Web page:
• Question: what is more important mental health or physical health

    Asked by einstery to Enda, Jean, Kate, Kev, Tim on 17 Nov 2012.
    • Photo: Tim Downing

      Tim Downing answered on 17 Nov 2012:

      Hi Einstery,

      That’s a rather philosophical question! I doubt there is a clear answer. In fact, I think you cannot separate the two: mental and physical. If we are not mentally healthy, this will manifest in physical signatures. For example, our hormone levels can change so that we have higher levels of stress-linked ones like cortisol if we are mentally unhealthy. Similarly, our levels of neurotransmitters that communicate messages between our neurons can change as well. So being mentally unhealthy has physical and biological symptoms that change cell function at a molecular level.

      Equally, if we are physically unwell, this will have consequences for our mental health because we might feel stressed due to the lack of ability to do routine things. We might in fact seem the same hormonal and neurological stress responses as above. This raises fundamental questions – eg to what extent should we control mild variation in mental health, just the same as we do/don’t do for physical health?


    • Photo: Jean Bourke

      Jean Bourke answered on 17 Nov 2012:

      That’s a hard one. The two are inextricably linked. When one goes wrong, the other tends to follow.

      Often when someone is diagnosed with a serious illness, their mental health will deteriorate. If you are feeling depressed, it’s hard to motivate yourself to stay healthy and look after yourself.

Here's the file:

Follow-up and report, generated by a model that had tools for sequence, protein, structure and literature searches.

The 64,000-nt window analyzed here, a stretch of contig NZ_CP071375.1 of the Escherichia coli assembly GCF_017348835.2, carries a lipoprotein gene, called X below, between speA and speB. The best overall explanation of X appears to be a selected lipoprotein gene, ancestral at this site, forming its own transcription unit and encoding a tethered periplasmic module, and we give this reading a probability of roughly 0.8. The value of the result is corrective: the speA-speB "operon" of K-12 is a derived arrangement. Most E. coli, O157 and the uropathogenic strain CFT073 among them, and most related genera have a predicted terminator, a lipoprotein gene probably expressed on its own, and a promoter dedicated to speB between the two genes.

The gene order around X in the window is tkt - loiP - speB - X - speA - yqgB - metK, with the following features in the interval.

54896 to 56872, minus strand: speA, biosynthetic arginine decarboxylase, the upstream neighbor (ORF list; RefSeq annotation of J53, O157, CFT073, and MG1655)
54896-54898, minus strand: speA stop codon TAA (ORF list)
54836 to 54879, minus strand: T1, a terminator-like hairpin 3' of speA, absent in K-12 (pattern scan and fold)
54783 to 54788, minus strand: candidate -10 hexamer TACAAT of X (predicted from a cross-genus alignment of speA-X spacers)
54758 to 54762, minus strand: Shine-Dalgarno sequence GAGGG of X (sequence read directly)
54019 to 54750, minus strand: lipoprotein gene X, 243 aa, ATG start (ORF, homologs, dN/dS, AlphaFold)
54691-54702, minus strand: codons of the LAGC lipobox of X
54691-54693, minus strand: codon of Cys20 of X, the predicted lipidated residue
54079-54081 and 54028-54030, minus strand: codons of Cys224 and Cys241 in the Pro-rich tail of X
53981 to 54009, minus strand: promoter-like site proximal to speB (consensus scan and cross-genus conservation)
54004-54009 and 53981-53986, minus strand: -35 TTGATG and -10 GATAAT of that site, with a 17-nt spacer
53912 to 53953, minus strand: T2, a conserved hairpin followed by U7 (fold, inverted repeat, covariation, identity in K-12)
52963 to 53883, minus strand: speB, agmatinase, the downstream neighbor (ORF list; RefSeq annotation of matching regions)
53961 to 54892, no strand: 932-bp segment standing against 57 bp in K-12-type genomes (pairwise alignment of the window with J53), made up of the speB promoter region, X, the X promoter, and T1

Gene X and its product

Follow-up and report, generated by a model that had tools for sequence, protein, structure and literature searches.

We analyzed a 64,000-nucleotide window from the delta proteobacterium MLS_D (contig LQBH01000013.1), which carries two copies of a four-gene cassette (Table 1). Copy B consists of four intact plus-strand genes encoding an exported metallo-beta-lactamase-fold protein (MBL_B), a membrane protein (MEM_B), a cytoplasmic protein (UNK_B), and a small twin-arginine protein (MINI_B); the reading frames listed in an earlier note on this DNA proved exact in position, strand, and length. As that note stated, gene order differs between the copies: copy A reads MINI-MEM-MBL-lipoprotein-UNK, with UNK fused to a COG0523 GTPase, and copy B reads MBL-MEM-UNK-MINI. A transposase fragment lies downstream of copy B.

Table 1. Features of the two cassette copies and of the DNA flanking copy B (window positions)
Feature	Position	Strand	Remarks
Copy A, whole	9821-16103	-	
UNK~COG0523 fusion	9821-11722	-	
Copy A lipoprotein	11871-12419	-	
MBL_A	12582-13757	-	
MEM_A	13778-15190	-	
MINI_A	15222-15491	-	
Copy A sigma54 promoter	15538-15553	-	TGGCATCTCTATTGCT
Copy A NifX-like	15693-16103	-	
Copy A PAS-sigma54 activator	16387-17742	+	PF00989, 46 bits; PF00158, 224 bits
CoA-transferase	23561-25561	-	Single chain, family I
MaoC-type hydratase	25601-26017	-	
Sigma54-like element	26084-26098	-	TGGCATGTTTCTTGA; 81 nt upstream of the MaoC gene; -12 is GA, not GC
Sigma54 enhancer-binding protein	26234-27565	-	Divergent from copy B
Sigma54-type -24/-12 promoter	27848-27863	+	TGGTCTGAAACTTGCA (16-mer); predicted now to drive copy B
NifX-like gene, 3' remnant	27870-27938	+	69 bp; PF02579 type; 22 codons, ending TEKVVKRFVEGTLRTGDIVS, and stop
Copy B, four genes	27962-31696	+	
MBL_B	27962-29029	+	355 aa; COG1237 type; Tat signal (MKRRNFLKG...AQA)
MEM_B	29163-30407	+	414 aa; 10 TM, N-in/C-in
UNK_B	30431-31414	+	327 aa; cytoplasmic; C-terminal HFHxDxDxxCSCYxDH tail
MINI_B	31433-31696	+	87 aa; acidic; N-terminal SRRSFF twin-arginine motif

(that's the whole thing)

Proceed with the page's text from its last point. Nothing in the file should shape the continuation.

If I had to pick one, I’d say mental health. It is much harder to hid a physical illness or injury than it is to keep a mental health problem a secret. You can usually spot if someone around you has the flu, but could you tell if they has schizophrenia? It’s much harder.

      There is still a huge stigma attached to mental illness which can make it very hard for people to seek health. If you think you may have diabetes, you don’t mind discussing it with your friends, your colleagues, your pharmacist or your doctor. If you are feeling suicidal or think you may have bipolar disorder, it is much harder to come forward and talk to someone about it.

      It’s important to be aware of both your own mental health and the mental health of those around you. Try and be understanding.

      It doesn’t help that the human brain is massively complex and we still don’t fully understand it!

      Of course your physical health is vital too!